Why (you need this)?
Any circuit needs power, the power supply circuit is necessary to ensure you give reliable power to your circuit (Filtered, Regulated, Protected).
Filtered: mainly by capacitors
Regulated: Stabilized at a know level
Protected: No reverse polarity, no over current
What (do you need)?
Unregulated Power Source (7-30VDC)
(This applies for most power adapters that you buy from the local supermarkets)
|5v Voltage Regulator||1|
|Resistor 300 ohm||1|
The first thing is an ordinary power source which connects to a wall socket (220v) and gives you an output voltage of say 12v
The following power supply gives and adjustable voltage output, I set it to give 10v and checked the output and wire polarity
So the polarity is correct, the wire with white strip is negative and the other is positive, let connect to our breadboard
We need to “regulate” this voltage down to 5v which is the most common supply for digital circuits.
It is always a good idea to add protections to your power supply. It will save you a lot of time and headache when you misconnect some wire here or there.
A diode ensures that your + and – lines are connected correctly, if you reverse the connection, the reversed lines won’t get to your circuit, let us use a general purpose diode such as the 1N4001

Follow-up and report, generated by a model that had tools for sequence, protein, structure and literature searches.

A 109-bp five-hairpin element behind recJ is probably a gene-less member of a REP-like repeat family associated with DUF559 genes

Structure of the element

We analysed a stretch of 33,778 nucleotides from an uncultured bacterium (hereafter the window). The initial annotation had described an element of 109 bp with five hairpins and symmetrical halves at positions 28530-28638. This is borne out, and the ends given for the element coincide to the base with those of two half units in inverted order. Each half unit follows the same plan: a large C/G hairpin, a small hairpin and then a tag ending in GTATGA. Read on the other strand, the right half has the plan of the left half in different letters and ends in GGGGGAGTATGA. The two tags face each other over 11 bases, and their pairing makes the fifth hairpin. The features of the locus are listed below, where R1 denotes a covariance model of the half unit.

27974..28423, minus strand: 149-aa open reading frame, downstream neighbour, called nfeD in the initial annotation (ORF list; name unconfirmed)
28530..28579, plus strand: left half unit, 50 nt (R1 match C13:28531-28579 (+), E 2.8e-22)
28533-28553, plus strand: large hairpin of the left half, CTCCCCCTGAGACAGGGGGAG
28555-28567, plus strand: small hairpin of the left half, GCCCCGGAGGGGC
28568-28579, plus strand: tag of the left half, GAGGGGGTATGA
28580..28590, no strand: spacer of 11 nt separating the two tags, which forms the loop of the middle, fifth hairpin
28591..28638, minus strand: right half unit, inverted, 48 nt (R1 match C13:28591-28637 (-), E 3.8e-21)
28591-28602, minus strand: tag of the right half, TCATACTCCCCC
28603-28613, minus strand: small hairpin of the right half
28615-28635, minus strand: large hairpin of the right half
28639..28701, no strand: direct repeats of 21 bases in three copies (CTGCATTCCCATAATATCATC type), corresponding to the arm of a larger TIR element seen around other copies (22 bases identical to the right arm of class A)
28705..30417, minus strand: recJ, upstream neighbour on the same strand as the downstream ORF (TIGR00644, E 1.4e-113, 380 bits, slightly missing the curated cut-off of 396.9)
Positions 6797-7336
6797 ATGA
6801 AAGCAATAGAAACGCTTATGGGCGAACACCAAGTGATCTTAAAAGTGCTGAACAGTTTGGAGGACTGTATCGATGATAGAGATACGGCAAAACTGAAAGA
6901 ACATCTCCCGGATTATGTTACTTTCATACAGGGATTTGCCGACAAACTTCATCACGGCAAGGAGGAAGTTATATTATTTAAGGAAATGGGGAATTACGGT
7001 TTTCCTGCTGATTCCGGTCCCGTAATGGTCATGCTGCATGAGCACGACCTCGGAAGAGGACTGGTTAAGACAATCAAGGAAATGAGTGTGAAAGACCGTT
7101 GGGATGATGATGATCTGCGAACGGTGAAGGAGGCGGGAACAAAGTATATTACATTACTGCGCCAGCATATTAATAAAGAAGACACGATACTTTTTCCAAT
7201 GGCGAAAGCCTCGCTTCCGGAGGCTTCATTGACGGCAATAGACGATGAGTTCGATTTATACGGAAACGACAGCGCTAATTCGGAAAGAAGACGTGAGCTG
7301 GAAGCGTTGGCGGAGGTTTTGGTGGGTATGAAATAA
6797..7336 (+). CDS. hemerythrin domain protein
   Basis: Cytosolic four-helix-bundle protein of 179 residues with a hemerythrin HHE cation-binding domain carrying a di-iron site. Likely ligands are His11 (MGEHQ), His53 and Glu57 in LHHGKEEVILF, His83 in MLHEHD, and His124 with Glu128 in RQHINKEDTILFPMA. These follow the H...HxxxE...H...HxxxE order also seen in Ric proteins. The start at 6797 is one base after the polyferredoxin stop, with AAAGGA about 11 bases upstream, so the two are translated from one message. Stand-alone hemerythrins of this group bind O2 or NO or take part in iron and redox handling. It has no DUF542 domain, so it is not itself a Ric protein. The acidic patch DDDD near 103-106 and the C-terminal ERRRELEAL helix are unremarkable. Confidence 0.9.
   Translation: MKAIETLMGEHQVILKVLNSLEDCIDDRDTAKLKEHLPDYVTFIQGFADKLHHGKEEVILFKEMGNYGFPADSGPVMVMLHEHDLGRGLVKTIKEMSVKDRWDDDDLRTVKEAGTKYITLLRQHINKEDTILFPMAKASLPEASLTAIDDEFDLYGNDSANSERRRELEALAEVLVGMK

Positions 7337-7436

A second protection is for over current meaning that if your circuit pulls out too much current (e.g. in case of a short circuit), the power supply should shut-off, otherwise things will get smoky!
Add the PTC as shown:
PTC actually means (Positive Temperature Coefficient) a fancy name, all what it does is simple though, as more current flows through it, the resistance will increase until it becomes like an open circuit.
Once you correct up your wiring and remove the short, the PTC will return to normal condition. It will “Reset” that is why it is called a Resettable Fuse
We are almost done; let us connect the remaining components as shown
5v Voltage Regulator:
Now our power supply is assembled, let us make it more user friendly by adding an LED and taking the voltage to a common rail
Alright, now you can turn on your main 220v or 110v supply and you should see the Power LED ON, otherwise, you need to double check your wiring
In my case I have made a little mistake, have a look:
Opps, I did not place the voltage regulator in the right place, after replacing it:
YAY! it is ON!
The capacitors are needed to stabilize the output (e.g. low pass filter)
The component marked U1 L7805CV is a common 5v voltage regulator, it will take any voltage above 7v and below 30 volts and gives a nice 5v supply
R1 is a 300 Ohm current limiting resistor
If you have any questions, feel free to use the comments section, you can buy the components in Qatar, Oman and UAE from our online store.